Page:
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UWM's John Gleeson on All Things Irish

Dec. 14, 2011
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Native Dubliner John Gleeson is a UW-Milwaukee professor and advocate of Celtic culture. He sat down over frosty pints at County Clare to discuss Irish bards, notable McCarthys, Christmas boxes and William Butler Yeats' sexual rejuvenation.

You're from Inchicore, a Dublin industrial suburb, but have spent decades here. Resident bards: Bono vs. Pat McCurdy.

When I first came here I caught McCurdy at the Gasthaus at the (UWM) Union. I thought he was good, clever—good songwriter. Bono is a bit too precious for me. He's “Dublin Four.” Four is the zip code of the intelligentsia and trendy elite—a cut above buttermilk and useful as an ashtray on a motorbike. But he is certainly an Irish talent, and has raised the status of Ireland. I wouldn't be too hard on Bono.

Top Wisconsin McCarthy—Joe or Mike?

Mike sure has that Irish look, doesn't he? Rear-gunner Joe actually had a lot of supporters in Ireland. It was very anti-Communist. I guess you could say Joe was a ball hopper and Mike is a ball carrier. Somebody hopping the ball is telling lies or spoofing for effect. Joe stood up in the Senate and said the State Department was infested with Communists. He knew it wasn't true. He was hopping the ball.

Mike McCarthy and the Packers carry the ball—marvelously. The only problem being, if God meant a football to be carried, he'd have put a handle on it. And it's the same green and gold as Dublin's great rival, Kerry. We always say “Dublin for the Sam Maguire (champions' cup), Kerry for your holiday. It's really a beautiful place—if you're on vacation.”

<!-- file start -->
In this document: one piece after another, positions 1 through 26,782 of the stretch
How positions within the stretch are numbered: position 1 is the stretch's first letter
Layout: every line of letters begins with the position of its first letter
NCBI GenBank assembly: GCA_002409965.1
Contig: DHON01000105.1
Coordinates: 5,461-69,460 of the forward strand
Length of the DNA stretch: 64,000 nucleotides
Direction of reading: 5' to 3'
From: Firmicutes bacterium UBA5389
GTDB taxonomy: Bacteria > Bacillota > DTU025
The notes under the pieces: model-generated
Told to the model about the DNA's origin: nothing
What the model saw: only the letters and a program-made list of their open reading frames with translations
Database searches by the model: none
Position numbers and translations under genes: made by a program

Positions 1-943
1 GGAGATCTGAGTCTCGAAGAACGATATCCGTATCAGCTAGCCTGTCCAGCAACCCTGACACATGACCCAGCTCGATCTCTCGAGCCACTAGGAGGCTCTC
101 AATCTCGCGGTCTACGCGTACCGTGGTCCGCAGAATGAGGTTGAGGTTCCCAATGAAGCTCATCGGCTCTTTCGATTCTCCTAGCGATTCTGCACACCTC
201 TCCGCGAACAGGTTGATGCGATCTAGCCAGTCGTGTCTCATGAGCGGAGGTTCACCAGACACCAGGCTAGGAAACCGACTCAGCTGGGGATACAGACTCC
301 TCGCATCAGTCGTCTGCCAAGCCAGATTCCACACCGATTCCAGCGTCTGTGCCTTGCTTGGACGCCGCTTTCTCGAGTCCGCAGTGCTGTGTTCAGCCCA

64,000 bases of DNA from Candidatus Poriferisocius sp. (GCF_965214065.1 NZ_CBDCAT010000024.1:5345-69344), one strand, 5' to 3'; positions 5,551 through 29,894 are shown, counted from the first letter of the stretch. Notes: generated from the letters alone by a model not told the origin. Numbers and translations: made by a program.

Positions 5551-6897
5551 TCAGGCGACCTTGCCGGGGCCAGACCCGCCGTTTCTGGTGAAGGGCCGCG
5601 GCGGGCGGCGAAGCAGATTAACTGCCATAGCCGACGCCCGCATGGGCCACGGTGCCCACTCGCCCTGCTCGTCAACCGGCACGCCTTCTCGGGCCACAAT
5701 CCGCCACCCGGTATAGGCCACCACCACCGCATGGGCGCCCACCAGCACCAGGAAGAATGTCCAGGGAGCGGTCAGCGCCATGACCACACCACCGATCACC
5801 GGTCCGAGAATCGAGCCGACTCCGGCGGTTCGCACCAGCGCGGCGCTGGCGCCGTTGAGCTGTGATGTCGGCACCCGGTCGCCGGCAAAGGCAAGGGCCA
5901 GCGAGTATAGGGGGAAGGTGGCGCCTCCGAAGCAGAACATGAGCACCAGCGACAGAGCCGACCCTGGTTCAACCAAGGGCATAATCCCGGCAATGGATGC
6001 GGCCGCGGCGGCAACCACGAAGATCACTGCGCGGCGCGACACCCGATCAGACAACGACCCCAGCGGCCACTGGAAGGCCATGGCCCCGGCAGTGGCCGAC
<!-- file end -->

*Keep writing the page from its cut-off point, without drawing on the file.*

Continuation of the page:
Christmas is coming. How goes Ireland?

In Irish pubs, the bar never buys you a drink—except at Christmas. If you're a regular, you wander in between Christmas and New Year's and you get a large spirit of your choice: your Christmas box. Maybe a nice golden, gleaming Powers whiskey—the heat and light from the fire in the liquid. And the conversation starts bounding along and laughter spreads. Word goes around, too. “Murphys are giving out the Christmas boxes!” So everyone heads for Murphys. If any one person in the company gets a box, the others do too.

So the box is really a glass?

At Christmas it is. You know, James Joyce was quite hard on Dublin—“a city in paralysis”—but when living in exile, he always said he missed Christmas most. There's a great spirit there. It's a time to make up for past rows, arguments and discontent. A person you might hate the rest of the year—you'll shake hands, wish them a merry Christmas and have a drink.

I'm going back for Christmas. But I'm also involved with Milwaukee Irish Arts, and we're doing a dramatic reading of Joyce's short “The Dead” (from Dubliners). It's set at a Christmas party at his aunts' house in Dublin. We'll have the reading here [County Clare] in the Joyce Room, Dec. 18 at 3:30 p.m.

And if you're interested in theater, playwright Dennis Regan over there (sitting at the bar) has written on William Butler Yeats in the form of an American TV game show—quite innovative, and very much to do with the women in Yeats' life. His muses, you know. He was into all kinds of sexual rejuvenation later in life. He'd visit women in England, and his poor, long-suffering wife drove him down to the boat. She was very tolerant.

That piece is part of a larger exhibit that comes to us from the National Library of Ireland. It will be in place at the Golda Meir Library during February and March, with a host of related events during that span. Details will be on our page: www.uwm.edu/Dept/celtic.


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